In Southern Brazil, occurrence of LFS/LF appears to be frequently associated with a TP53 mutation at codon 337 (c.1010G > A, Arg337His). The mutation is borne by a specific TP53 haplotype characterized by the allele T of SNP rs9894946, located in the 3' non-coding region of the TP53 gene. Data from two states in Brazil (Parana and Rio Grande do Sul) indicate that this mutant haplotype is present in about 0.3% of the general population, which is much higher than the estimated frequency of other TP53 germline mutations . This mutation, which affects a residue of the oligomerization domain of the p53 protein, has particular functional and regulatory properties that differ from most common LFS TP53 mutations. Structural studies have shown that the mutation affects the capacity of p53 to form oligomers with high DNA-binding capacity in a pH dependent manner . This dependence upon pH may explain the incomplete penetrance and the wide phenotypic variations observed in many families carrying the p.R337H mutation.
In this report, we describe a case of gastric cancer in a 12 year-old-boy with no documented familial history of cancer. Given the high frequency of the p.R337H mutation in the Brazilian population, we have analyzed surgical biopsies of this patient for the presence of this particular mutation. The mutation was found in biopsies containing tumor, but not in those with non-neoplastic tissues. The father was also found to carry the same germline p.R337H TP53 mutation. This observation highlights one of earliest cases of gastric cancer ever described and identifies the TP53 mutant p.R337H as a possible underlying genetic cause.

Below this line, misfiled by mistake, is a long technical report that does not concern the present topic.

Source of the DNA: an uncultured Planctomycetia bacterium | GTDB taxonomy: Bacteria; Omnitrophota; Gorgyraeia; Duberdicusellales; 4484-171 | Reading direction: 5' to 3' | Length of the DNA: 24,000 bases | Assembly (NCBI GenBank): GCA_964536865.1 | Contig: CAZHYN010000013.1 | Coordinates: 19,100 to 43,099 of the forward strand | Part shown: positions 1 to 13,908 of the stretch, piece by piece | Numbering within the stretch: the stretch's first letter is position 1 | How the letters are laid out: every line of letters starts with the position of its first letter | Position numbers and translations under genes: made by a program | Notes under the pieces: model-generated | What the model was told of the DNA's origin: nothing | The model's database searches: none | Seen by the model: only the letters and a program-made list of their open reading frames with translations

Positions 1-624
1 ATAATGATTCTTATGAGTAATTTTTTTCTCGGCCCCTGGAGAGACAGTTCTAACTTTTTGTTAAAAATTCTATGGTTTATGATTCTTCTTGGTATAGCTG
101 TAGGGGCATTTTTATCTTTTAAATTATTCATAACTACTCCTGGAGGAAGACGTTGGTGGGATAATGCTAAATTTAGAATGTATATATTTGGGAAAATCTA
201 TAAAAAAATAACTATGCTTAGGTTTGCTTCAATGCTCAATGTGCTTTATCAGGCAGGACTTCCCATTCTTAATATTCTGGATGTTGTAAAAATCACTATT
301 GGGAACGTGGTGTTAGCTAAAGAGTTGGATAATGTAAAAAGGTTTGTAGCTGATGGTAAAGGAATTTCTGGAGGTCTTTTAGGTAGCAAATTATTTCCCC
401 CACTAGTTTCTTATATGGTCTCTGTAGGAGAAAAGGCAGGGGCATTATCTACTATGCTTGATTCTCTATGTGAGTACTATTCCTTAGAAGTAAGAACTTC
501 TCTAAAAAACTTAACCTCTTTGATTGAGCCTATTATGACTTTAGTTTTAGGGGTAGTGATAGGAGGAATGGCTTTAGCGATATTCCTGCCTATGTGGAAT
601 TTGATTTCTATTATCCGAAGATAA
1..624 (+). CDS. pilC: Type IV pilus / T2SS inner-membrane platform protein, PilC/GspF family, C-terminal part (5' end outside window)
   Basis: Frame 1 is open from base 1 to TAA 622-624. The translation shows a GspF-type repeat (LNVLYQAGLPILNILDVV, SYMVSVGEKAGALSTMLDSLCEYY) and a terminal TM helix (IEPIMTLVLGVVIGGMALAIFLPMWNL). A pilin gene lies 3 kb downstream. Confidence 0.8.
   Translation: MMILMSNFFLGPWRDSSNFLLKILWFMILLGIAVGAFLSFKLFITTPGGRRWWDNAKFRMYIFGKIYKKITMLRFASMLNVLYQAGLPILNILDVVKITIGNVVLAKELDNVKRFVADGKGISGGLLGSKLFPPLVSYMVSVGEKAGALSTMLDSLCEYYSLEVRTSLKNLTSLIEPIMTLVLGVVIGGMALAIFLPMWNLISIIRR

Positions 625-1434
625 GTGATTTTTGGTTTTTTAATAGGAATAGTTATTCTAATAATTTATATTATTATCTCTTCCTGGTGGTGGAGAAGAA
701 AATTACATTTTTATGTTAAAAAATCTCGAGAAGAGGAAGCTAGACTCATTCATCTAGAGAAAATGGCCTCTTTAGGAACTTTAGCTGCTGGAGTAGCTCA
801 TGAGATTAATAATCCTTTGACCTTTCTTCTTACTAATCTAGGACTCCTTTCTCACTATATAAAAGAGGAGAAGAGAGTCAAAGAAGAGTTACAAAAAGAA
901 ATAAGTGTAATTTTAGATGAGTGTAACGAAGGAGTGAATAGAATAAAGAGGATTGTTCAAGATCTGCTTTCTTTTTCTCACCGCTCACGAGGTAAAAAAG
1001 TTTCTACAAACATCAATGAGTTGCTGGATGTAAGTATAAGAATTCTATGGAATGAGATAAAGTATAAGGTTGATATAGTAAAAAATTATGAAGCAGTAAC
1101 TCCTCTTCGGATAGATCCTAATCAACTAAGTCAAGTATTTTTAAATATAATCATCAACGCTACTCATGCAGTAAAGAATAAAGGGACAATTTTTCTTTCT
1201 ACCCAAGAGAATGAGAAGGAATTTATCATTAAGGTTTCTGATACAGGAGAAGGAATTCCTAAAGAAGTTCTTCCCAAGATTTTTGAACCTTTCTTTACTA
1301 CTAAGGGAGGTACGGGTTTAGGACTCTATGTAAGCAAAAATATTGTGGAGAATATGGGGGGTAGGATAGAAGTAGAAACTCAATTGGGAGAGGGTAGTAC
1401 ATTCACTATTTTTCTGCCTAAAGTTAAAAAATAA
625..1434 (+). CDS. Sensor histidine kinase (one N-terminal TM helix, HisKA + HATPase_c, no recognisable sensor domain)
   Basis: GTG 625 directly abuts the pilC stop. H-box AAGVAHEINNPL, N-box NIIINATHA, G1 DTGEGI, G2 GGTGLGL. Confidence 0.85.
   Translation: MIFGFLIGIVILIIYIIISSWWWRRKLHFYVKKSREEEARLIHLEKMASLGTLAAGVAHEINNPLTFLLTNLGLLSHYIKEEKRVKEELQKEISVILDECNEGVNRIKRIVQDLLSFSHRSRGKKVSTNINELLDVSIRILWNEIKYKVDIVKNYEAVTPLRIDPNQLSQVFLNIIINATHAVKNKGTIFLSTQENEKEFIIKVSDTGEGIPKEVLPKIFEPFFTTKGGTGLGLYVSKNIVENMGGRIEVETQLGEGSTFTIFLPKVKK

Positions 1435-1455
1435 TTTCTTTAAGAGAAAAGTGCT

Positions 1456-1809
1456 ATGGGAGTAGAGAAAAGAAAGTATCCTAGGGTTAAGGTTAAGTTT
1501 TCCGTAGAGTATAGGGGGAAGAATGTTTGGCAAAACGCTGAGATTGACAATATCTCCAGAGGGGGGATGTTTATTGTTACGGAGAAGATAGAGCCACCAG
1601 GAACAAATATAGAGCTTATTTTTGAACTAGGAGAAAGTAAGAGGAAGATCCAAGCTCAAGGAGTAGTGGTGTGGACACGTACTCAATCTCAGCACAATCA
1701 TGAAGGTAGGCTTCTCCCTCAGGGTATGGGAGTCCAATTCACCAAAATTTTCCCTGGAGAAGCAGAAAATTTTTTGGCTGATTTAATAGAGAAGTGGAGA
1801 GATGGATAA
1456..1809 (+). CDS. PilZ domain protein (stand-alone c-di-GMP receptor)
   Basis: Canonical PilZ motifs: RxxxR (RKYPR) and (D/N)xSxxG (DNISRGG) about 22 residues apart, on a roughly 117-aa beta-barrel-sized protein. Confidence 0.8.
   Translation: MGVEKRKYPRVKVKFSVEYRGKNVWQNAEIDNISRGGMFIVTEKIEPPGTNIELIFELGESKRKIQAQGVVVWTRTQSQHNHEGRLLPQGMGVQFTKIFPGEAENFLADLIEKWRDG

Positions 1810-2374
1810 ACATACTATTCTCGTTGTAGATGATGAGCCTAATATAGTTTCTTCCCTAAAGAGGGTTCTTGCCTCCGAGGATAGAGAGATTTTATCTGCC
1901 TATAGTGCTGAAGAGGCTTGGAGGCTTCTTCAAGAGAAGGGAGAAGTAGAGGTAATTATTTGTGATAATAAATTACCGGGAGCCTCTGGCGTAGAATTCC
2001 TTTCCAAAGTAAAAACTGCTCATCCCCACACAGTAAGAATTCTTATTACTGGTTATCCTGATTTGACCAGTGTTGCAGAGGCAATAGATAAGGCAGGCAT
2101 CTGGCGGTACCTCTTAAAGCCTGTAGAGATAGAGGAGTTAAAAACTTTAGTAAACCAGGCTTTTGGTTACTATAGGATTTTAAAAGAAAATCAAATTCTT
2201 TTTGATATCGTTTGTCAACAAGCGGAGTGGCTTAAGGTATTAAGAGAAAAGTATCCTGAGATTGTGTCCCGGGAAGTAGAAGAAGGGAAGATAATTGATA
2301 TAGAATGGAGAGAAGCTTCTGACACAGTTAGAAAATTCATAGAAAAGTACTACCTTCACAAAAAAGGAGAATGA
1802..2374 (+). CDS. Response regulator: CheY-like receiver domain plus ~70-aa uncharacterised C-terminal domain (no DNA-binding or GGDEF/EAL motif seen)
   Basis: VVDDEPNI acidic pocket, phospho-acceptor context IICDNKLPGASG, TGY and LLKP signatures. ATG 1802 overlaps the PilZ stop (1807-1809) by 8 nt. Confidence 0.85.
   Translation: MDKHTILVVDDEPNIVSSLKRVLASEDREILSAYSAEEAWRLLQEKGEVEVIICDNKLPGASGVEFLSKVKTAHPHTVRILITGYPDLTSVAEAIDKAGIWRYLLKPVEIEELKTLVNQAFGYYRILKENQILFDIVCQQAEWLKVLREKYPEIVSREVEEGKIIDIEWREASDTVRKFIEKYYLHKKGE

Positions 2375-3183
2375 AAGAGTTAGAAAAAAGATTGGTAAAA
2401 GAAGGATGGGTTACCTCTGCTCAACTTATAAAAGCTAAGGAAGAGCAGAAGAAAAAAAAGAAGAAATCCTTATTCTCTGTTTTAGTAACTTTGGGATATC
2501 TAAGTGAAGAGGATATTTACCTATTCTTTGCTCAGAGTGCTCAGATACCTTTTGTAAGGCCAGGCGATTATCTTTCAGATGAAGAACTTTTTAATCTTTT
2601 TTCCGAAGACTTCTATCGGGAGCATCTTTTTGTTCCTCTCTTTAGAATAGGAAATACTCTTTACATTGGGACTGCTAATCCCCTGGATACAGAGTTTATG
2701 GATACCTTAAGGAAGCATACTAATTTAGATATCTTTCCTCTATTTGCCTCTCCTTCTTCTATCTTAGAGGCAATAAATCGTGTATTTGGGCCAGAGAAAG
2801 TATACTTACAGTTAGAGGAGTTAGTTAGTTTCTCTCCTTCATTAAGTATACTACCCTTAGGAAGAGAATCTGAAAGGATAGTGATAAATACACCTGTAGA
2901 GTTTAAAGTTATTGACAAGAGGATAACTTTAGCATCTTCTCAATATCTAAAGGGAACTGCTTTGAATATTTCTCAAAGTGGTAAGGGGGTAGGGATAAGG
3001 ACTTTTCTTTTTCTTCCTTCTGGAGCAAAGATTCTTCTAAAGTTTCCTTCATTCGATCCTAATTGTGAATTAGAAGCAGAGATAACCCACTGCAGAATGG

A 12-year-old boy with no documented familial history of cancer presented weakness, malaise, abdominal pain, dysphagia and loss of 14 kg before referral. Upper digestive endoscopy detected a 3.5 cm-ulcerated lesion in the cardia. Surgical exploration revealed an inoperable gastric tumor with adjacent lymph-node involvement, histopathologically proven liver metastases and probable diaphragm, esophageal and celiac axis infiltration. A gastrostomy was performed and the patient received chemotherapy without significant response. The patient died with disseminated disease after seven months.
The patient was referred to the Department of Abdominal Surgery of Hospital AC Camargo, São Paulo, Brazil, and biopsies were obtained during diagnostic endoscopy and surgery. The biopsied samples included tissues fixed in 10% buffered formalin and embedded in paraffin (FFPE, Formalin-Fixed, Paraffin-Embedded) and a frozen liver metastasis sample. DNA was extracted from areas of gastric tissue sections defined by a pathologist as normal, metaplastic, dysplatic or cancerous. Blood from relatives was obtained after genetic counseling and informed consent. DNA was extracted from FFPE tissues and white blood cells using standard protocols. TP53 mutations were detected by direct sequencing of the entire coding region of the gene using an automated procedure and protocols as described elsewhere . Immunohistochemistry was performed using the following antibodies for p53 (DO-7, DakoCytomation, Glostrup, Denmark), E-cadherin (36, BD Transduction, San Jose, CA), MLH1 (G168-728, BD Biosciences Pharmigen, San Jose, CA), MSH2 (G219-1129, BD Biosciences Pharmigen, San Jose, CA), PMS2 (A16-4, BD Biosciences Pharmigen, San Jose, CA) and MSH6 (44/MSH6, BD Biosciences Pharmigen, San Jose, CA) expression.